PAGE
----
Many emerging studies have made one thing very clear; the human brain is a social organ. Its neurological and physiological responses are directly and profoundly influenced by social interaction.
Most of us experience work as an economic transaction where we exchange labor for financial compensation. The brain, however, experiences the workplace as a social system. The five social qualities that are required to minimize dysfunction in the workplace are: status, certainty, autonomy, relatedness, and fairness.
1) Status – status does not have to directly relate to title or income. For example, the perception of status increases when people are simply given praise.
2) Certainty – people crave certainty. Not knowing what will happen next can be profoundly debilitating because it requires extra neural energy.
3) Autonomy – when an employee experiences a lack of control, the perception of uncertainty is aroused.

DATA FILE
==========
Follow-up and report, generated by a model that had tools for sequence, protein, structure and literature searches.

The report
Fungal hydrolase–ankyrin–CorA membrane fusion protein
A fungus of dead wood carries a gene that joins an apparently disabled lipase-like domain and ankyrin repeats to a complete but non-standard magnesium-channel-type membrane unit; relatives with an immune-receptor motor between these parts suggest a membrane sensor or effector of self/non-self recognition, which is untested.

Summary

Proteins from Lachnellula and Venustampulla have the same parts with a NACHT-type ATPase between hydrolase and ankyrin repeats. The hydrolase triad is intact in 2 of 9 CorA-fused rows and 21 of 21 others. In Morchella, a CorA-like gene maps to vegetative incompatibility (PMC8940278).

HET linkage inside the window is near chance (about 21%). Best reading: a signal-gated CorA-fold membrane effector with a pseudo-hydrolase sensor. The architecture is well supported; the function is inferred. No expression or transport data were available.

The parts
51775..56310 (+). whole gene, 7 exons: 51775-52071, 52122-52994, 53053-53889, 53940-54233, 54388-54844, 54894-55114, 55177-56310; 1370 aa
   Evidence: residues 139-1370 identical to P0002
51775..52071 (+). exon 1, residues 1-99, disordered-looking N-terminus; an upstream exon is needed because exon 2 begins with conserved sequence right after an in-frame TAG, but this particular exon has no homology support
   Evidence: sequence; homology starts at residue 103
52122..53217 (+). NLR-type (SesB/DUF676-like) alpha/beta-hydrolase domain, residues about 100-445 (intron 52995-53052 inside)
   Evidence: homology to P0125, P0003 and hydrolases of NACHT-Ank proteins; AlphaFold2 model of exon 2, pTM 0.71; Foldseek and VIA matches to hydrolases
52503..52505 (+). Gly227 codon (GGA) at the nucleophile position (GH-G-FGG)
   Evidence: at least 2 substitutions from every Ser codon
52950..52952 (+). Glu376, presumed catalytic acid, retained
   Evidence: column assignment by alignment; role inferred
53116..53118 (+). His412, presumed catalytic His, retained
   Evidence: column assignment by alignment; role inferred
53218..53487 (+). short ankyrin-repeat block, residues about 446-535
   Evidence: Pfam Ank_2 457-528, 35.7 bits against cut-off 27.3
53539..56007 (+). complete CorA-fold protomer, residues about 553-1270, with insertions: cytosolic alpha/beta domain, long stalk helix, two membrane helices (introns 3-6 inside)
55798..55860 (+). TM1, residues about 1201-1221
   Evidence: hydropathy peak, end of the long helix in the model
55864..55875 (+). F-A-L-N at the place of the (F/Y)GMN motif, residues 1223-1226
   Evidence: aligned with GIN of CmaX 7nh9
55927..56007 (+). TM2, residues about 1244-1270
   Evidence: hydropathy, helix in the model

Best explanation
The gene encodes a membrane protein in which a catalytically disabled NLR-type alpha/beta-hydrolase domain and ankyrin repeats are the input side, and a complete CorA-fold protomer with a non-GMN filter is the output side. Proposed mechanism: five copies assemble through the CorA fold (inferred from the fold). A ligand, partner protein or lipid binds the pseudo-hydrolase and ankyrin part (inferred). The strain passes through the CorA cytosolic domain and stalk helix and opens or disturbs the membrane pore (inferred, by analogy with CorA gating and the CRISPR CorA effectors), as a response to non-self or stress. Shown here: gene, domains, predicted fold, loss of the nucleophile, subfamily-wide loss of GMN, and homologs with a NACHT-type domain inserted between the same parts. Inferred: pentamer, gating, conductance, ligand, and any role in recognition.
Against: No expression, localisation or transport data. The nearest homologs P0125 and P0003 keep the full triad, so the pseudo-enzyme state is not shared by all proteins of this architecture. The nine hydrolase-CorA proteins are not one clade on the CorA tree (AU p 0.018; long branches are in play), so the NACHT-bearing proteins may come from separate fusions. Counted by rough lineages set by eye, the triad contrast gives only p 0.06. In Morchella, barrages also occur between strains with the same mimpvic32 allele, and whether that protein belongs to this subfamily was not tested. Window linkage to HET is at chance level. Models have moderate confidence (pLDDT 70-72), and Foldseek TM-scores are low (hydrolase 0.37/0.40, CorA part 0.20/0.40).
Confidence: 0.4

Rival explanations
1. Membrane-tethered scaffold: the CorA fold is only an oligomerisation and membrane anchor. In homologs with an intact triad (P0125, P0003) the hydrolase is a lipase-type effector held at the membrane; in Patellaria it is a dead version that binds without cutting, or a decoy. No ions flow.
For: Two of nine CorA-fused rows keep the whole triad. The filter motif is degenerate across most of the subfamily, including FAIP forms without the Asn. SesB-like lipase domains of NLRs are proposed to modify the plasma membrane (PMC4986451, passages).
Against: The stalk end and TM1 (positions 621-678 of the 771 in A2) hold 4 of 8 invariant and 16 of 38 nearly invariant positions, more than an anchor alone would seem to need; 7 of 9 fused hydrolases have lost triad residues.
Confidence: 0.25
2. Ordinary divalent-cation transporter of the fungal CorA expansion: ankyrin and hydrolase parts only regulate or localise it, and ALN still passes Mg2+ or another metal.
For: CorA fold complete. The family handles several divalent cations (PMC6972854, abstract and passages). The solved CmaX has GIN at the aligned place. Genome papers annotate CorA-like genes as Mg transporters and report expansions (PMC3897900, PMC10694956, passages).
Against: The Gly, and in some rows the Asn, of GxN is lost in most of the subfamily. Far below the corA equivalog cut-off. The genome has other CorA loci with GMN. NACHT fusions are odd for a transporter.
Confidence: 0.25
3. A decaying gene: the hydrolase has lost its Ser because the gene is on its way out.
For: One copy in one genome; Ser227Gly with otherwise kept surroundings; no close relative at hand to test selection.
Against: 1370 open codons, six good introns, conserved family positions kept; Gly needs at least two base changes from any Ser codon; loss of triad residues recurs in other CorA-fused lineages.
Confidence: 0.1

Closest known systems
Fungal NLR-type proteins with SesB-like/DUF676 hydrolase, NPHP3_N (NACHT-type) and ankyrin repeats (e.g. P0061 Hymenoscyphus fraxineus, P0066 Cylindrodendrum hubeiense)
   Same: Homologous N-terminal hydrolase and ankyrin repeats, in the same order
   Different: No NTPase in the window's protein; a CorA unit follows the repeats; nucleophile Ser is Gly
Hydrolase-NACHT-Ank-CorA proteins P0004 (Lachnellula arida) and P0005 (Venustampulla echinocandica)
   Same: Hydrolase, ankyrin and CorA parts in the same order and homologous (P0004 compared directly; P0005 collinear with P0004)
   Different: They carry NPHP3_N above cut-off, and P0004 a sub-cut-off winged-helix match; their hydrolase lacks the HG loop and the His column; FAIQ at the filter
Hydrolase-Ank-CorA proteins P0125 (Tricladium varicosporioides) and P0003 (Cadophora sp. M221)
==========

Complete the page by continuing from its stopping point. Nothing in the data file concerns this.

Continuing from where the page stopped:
4) Relatedness – the human threat response is aroused when people feel rejected, or cut off from social interaction.
5) Fairness – the perception that an event has been unfair generates a strong response in the brain, stirring hostility and undermining trust.
People who feel betrayed or unrecognized at work such as when any of the five social qualities are threatened — will experience these things as a neural impulse. Not only does the employee’s brain become much less efficient, the ensuing reaction is usually to internalize feelings, and consequently limit commitment and engagement at work. They become purely transactional employees, reluctant to give more to the company.
Leaders who have the ability to intentionally address the social brain in the service of optimal performance will be able to create an environment that supports collaboration, fosters productive change, and effectively engages an employee’s individual talents.
Read more on the social brain at work.
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